The nine stories in More of This World or Maybe Another are linked by character, by time, and by place. Delia is mentioned or implied in every story (although there are three other narrators). Other characters reoccur. The stories appear in chronological order, with at least one character in each story being recognizably older, giving the reader a sense of time passing, of a real world. Every story takes place either in New Orleans or in Gremillion, where Delia grew up. These three methods of linking the stories add to the layered and rich feel of the collection. Recognizing characters we know from other stories and watching them grow up is a way of giving the reader of each story an additional delight—the delight of recognition in a larger world.
When I heard that Robin Black was going to be the Sirenland Fellow for 2009 and that she had published a story in One Story, I moved quickly to my back issues and began to thumb through. I only save the stories I love and pass the others forward. Of course I’d saved her story. She writes the kind of stories I love.
Ten stories, including “Harriett Elliot,” first published in One Story, make up this collection. [no spoilers here] These stories catch the ordinary moments in life–a new girl at school, a neighbor building a fence, a father taking a daughter to meet her first seeing-eye dog:
“As Jack scans the road for signs, Lila is proclaiming to him in those certain tones of hers that if it weren’t for being quite so blind and having to have one, she’d definitely never get a dog. Never. Never ever.”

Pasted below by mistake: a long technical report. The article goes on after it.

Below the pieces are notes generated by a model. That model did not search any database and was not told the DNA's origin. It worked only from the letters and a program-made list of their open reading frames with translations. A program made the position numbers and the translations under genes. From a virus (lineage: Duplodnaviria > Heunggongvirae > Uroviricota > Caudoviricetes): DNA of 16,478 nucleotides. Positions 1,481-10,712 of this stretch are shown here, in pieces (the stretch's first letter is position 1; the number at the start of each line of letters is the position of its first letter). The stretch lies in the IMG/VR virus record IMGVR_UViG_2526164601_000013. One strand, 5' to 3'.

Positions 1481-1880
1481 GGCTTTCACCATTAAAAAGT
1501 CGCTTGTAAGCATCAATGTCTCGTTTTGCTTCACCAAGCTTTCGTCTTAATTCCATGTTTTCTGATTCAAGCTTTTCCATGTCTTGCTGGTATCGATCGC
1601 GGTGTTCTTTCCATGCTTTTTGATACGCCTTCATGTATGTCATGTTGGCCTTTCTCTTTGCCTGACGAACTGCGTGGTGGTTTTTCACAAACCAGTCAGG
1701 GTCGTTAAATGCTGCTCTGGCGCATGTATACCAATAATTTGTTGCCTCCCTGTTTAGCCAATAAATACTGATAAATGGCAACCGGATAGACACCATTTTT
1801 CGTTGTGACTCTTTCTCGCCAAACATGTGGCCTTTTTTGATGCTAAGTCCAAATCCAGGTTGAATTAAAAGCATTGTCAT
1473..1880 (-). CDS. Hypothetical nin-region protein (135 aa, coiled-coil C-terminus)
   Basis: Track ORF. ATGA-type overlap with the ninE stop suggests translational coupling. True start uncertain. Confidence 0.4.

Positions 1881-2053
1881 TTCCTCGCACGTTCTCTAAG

Notice the way we hear Lila’s voice without the first person, without her point of view, and without a direct quote.
“It isn’t even a two-hour train ride out from London to the village where Jeremy’s daughter and her husband–a man Jeremy has never met–have lived for the past three years, but it’s one of those trips that seem to carry you much farther than the time might imply.”
Trees, like guides, have two sides to them. In “Tableau Vivant,” Jean walks her daughter Brooke to her car.
“The roof, sunroof, hood were all splattered with bird droppings. ‘Stupid,’ Brooke said. ‘Acres of open field, and I park under a tree. I was thinking shade, when I should have been thinking bird.’”
The stories in this collection slow the ordinary moments down so that you feel their underside; there’s a pause, and then they expand with wonder. From the third story in the collection, “Immortalizing John Parker:”
“A streetlight comes on. Clara waits to see how long it will take another to join it. A minute passes, two minutes. Nothing. They must have different levels of sensitivity, she thinks. They must believe different things about what darkness is.”
In “The History of the World,” the last and longest story and the only story with more than one point-of-view character, this is from Kate:
“She has been many women, she understands, has slipped surefooted through the years from one identity to the next. Daughter, sister, wife, mother. And now to be this–to be a woman without even the illusion of knowing herself. The sensation is like flight.”
These are the stories of our lives. They are the kind of stories that will crack your heart open. They will remind you, you have a heart, in case you’ve forgotten.
In each of these stories, worlds seem as if they’re about to collide, but instead, they hover–one world on top of another for just a moment so that the light all around changes. Like in an eclipse. And it’s that moment that causes these stories to expand before your eyes.